Example 2 : Hand Over Hand Rolling Right Turn
Now a rolling right turn. I've already slowed down and positioned myself closer to the curb, as I enter the intersection, I start to angle my wheel slightly and as my mirror passes the curb I turn the wheel "1-2-3" and hold it and then start to counter-steer "3-2-1" as I accelerate out of the turn. Beautiful.
Right Turn Push-Pull Steering Method
My personal preference is to use the push-pull method more so for left turns, because left turns are wider and the push-pull method is great for wider turns. However, you can still make right turns using the push-pull method, so let's go over how that works for right turns specifically.
Again, the push-pull is most easily executed by starting with the 9-and-3 hand positions. With your hands on the 9 and 3 positions, you push the wheel up with your LEFT hand until the 12-position like this. Then grab the wheel with your RIGHT hand at the same 12-position, without crossing your hands, and pull it down to the 3-position. You will probably have to repeat this same motion twice ... left hand push the wheel up from 9 to 12, right hand pulls the wheel down from 12 to 3.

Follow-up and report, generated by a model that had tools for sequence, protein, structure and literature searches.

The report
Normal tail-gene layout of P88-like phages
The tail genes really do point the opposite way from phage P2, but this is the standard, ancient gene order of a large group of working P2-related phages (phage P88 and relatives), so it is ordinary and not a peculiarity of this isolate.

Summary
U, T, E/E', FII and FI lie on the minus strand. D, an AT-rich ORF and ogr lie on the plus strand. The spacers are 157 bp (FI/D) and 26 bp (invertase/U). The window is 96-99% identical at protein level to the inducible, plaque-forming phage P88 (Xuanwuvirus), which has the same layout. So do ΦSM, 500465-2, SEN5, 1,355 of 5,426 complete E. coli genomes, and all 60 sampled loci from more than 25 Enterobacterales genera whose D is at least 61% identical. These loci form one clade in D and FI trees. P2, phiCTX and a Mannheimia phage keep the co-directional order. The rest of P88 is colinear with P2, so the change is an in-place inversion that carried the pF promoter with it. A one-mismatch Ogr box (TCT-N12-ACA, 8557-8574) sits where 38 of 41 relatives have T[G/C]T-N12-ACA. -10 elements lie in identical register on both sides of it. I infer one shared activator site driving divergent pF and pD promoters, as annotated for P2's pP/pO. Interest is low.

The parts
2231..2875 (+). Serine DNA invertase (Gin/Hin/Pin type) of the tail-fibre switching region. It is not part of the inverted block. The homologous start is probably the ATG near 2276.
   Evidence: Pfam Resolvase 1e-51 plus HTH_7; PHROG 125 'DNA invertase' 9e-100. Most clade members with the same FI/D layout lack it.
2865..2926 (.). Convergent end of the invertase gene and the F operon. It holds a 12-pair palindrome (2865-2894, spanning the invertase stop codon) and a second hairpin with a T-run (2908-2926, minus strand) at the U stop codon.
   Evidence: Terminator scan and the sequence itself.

Let's do an actual right turn using the push-pull method so you can see it better illustrated. As we approach the intersection with our signal on, slowing down and fading towards the curb, I begin to angle my wheel slightly to the right as I enter the intersection. Then, as soon as my mirror passes the curb, I push the wheel up to the 12-position with my left hand, and then pull the wheel down with my right hand to the 3-position. I repeat this same motions as needed and then hold wheel through the turn, and then do the opposite as I come out of the turn -- basically shuffle the wheel back to the normal position as I accelerate out of the turn.
There you have it, nearly everything I could possibly think of to teach you about turning! You should now be able to safely and properly practice left turns and right turns to your heart's desire. With that said, I have a feeling many of you out there are passionately wondering why we haven't addressed the concept of letting the steering wheel slide back or spin back when finishing a turn. Well wonder no more my friends, let's talk about that!